Both players still hold loads of promise, but unless Garoppolo sees substantial playing time in 2017 and then hits the open market, he won't approach Carr's deal when his rookie contract is up.  

ESPN's Mike Reiss projected that a fair deal for Garoppolo on the open market might fall between the $19 million that was guaranteed to Chicago's Mike Glennon and Carr's contract, which includes $40 million fully guaranteed and $70 million in total guarantees, per NFL Media.

Perhaps something in the range of what Brock Osweiler received from the Texans after Osweiler started seven games for the Broncos in 2015 would be considered fair: four years, with $37 million guaranteed. Because Osweiler (before his deal or since) never seemed as polished as Garoppolo was in his two games as a starter in 2016, and because the salary cap continues to soar, the argument could be made that Garoppolo deserves something even richer. 

Though Garoppolo is scheduled to hit unrestricted free agency following the 2017 season, there is a chance he doesn't get there quite that quickly. The Patriots could try to come to some kind of agreement with their backup quarterback on an extension that would keep him in New England, or they could place the franchise tag on him following the season. 

Either way, Garoppolo will get paid. But until he sees more time on the field, a deal that would pay him in the same range as his draft classmate will probably be out of reach.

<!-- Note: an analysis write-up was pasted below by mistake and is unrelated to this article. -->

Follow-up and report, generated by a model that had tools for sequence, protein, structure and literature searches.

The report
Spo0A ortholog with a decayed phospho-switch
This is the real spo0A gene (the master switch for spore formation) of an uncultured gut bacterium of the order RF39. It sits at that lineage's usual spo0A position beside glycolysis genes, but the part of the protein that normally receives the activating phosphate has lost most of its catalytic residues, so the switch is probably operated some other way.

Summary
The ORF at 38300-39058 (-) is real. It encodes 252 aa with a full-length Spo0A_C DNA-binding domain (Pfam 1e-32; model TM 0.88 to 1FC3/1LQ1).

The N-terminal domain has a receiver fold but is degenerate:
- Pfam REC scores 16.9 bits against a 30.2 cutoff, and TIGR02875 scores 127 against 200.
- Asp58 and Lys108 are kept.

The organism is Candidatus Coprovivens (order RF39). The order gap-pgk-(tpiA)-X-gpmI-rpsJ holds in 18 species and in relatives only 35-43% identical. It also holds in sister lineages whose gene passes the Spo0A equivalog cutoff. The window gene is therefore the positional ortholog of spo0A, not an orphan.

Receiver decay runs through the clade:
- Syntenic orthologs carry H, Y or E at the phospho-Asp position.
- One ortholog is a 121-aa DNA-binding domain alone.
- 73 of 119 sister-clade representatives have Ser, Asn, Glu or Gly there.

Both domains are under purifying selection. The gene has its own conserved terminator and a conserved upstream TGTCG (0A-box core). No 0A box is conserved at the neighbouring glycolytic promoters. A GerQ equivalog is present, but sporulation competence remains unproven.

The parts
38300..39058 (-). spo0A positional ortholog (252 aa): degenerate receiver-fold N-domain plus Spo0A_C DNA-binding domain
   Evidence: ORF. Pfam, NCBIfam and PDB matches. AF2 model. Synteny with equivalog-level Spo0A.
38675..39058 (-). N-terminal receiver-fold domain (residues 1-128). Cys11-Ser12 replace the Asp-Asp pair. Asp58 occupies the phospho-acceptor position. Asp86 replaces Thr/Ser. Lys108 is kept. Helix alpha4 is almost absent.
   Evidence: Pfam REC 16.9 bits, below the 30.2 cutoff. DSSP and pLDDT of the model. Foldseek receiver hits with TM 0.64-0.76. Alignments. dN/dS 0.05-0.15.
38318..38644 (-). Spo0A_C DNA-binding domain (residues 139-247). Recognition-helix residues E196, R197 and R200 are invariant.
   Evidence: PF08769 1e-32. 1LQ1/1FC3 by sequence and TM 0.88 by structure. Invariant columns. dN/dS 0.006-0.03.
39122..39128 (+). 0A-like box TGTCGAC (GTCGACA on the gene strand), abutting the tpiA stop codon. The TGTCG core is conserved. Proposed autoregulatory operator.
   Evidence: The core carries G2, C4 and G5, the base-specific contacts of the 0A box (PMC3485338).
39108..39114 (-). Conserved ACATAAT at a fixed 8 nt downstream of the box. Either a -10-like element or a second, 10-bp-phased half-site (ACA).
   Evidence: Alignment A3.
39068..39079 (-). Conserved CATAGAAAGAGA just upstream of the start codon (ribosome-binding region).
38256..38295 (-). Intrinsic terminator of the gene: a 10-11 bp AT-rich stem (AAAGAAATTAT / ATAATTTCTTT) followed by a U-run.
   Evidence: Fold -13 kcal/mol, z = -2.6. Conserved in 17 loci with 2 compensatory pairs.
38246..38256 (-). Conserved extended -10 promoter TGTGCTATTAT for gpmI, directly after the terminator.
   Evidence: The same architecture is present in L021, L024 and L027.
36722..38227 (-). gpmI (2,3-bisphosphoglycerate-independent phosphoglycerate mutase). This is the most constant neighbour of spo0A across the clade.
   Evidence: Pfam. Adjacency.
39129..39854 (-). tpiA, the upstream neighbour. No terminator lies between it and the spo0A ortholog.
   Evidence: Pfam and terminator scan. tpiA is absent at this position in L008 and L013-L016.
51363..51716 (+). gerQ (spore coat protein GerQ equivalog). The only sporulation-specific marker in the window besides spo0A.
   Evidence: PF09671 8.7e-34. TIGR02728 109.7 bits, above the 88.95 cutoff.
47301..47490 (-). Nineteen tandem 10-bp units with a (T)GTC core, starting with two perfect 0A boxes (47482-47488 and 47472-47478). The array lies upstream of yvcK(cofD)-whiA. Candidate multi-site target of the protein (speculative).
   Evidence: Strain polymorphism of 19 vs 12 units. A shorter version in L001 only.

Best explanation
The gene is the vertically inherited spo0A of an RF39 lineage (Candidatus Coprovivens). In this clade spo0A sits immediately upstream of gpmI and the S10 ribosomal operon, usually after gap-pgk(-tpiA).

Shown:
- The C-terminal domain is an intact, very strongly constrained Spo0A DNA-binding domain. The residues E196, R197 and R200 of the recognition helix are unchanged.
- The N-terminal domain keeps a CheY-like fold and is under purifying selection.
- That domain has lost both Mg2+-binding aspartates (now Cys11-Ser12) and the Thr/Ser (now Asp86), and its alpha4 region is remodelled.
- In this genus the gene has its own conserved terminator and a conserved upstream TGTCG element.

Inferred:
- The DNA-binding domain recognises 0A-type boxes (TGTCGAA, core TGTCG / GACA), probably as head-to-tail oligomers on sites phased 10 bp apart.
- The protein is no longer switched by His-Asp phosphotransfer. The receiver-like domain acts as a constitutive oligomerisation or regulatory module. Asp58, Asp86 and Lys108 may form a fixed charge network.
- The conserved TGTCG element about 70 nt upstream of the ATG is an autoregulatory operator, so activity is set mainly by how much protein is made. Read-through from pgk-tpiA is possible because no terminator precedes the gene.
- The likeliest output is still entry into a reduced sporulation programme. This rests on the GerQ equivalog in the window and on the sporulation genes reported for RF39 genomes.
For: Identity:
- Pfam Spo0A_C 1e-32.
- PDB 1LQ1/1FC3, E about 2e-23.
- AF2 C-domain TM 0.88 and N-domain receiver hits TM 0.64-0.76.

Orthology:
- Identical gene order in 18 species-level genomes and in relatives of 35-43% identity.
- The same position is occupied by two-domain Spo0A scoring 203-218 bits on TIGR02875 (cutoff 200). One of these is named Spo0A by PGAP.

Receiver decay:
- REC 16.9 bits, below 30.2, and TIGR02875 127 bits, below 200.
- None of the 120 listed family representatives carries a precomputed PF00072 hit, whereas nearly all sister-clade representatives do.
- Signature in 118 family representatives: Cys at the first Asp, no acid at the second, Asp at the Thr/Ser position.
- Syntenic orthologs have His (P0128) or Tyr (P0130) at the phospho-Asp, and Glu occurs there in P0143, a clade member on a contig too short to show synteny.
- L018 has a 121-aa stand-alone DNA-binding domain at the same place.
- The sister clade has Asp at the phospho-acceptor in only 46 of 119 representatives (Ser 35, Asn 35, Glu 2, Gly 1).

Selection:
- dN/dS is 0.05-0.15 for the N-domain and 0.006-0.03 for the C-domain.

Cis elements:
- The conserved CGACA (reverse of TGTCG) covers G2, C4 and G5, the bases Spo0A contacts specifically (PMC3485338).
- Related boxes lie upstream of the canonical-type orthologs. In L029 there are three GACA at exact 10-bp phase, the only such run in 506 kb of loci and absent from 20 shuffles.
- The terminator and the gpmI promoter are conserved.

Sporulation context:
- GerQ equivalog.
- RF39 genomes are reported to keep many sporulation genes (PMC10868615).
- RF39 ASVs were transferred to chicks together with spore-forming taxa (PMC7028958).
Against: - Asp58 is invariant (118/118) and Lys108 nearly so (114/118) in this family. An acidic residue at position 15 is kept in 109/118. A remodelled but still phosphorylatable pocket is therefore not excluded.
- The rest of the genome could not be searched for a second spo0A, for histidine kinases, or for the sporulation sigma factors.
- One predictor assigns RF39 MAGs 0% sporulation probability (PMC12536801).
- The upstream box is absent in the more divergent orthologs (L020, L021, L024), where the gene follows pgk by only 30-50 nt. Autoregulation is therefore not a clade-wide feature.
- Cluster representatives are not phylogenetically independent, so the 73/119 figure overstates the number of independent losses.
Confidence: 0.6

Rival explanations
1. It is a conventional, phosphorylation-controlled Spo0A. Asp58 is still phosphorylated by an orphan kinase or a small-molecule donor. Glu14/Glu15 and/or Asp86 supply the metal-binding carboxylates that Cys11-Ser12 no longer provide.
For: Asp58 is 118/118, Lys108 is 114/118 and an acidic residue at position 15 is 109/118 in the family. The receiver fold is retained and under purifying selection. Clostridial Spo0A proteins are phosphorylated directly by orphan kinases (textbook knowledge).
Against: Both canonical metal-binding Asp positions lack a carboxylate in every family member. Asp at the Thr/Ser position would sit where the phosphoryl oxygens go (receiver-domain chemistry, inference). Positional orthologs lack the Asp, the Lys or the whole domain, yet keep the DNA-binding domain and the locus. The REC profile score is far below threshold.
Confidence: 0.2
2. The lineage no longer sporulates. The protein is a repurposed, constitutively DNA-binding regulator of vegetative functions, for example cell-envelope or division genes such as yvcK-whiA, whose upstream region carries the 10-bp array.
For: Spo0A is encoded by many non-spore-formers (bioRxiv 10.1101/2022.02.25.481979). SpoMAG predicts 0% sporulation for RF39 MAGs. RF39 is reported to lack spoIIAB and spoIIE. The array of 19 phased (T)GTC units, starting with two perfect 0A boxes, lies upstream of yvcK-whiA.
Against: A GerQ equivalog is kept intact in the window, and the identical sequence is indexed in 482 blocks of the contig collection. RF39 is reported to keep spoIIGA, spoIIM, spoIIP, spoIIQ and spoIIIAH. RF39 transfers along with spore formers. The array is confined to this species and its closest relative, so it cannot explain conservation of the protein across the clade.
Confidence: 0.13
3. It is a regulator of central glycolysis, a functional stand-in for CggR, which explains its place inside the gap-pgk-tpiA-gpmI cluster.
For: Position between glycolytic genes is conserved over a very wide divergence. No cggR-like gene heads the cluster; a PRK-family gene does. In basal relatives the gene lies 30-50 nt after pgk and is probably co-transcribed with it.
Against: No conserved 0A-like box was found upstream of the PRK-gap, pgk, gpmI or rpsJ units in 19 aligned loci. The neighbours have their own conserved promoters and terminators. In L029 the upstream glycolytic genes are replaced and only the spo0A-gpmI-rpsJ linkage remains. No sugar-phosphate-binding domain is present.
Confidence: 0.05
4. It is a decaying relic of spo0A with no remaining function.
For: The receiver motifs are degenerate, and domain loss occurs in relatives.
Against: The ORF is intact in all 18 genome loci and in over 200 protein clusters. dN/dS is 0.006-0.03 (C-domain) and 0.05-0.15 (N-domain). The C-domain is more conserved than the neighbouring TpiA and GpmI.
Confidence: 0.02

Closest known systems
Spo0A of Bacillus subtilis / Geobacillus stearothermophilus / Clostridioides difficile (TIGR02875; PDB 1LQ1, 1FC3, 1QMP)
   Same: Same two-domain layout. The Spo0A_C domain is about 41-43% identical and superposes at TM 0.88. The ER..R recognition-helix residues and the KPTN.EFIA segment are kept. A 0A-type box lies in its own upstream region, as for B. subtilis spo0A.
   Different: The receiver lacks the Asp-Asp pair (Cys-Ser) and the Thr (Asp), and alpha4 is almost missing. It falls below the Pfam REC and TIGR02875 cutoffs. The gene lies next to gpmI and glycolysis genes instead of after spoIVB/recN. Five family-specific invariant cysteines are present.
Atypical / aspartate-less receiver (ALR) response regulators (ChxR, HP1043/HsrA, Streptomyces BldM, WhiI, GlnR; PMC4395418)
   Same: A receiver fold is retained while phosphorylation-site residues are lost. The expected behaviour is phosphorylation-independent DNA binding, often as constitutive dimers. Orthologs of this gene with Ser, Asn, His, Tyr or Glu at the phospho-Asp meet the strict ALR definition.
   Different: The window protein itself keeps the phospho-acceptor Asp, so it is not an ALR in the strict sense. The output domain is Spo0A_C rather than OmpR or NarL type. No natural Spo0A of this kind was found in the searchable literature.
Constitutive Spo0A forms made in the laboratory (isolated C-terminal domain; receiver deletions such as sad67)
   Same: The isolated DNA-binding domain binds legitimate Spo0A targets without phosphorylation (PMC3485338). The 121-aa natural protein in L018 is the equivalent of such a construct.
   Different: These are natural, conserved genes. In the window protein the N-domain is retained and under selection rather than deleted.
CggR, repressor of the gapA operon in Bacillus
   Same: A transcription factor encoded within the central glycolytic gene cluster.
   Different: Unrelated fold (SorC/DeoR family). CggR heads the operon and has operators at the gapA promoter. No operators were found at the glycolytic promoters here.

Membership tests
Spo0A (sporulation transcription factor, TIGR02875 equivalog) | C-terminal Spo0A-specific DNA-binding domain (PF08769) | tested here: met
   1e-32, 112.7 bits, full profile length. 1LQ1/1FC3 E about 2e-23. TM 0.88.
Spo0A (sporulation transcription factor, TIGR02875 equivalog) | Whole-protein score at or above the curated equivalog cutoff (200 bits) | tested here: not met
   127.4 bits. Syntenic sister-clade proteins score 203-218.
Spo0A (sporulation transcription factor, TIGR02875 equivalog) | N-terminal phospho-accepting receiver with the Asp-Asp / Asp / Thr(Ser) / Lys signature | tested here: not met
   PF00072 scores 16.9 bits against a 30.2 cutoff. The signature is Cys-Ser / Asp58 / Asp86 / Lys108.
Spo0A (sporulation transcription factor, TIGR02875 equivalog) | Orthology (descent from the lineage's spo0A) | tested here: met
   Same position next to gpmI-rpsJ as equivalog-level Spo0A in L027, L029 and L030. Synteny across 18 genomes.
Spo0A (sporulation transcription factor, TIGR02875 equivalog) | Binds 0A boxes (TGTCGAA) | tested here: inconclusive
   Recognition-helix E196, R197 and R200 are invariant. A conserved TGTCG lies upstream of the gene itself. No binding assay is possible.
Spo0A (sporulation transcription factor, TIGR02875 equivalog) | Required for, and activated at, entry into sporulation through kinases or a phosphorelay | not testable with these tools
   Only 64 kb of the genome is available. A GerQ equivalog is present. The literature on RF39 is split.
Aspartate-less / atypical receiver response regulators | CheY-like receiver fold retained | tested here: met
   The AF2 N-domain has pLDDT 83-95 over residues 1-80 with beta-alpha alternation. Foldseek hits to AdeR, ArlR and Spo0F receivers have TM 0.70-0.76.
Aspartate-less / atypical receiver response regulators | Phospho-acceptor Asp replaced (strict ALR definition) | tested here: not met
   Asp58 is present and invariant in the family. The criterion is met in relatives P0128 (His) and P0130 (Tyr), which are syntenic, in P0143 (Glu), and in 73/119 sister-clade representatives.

Patriots release camp dates; open practices begin July 27

Patriots release camp dates; open practices begin July 27

Football is coming.

The Patriots announced on Thursday that veterans will report to training camp on Wednesday, July 26 and that the first public practice will take place the following day.

Each of the team's first four practices -- from July 27-30 -- are scheduled to take place on the practice fields behind Gillette Stadium "in the nine o'clock hour," according to the Patriots. Updates to the training camp schedule, including more specific start times for practices, can be found at patriots.com/trainingcamp.

The Patriots Hall of Fame will hold its induction ceremony for former corner Raymond Clayborn on Saturday, July 29 around midday following that morning's training camp practice. Held on the plaza outside the Hall at Patriot Place, the ceremony will be free and open to the public.

The Patriots will host the Jaguars for two days of joint practices open to the public on Monday, Aug. 7 and Tuesday, Aug. 8. The preseason opener for both clubs will take place at Gillette Stadium on Aug. 10.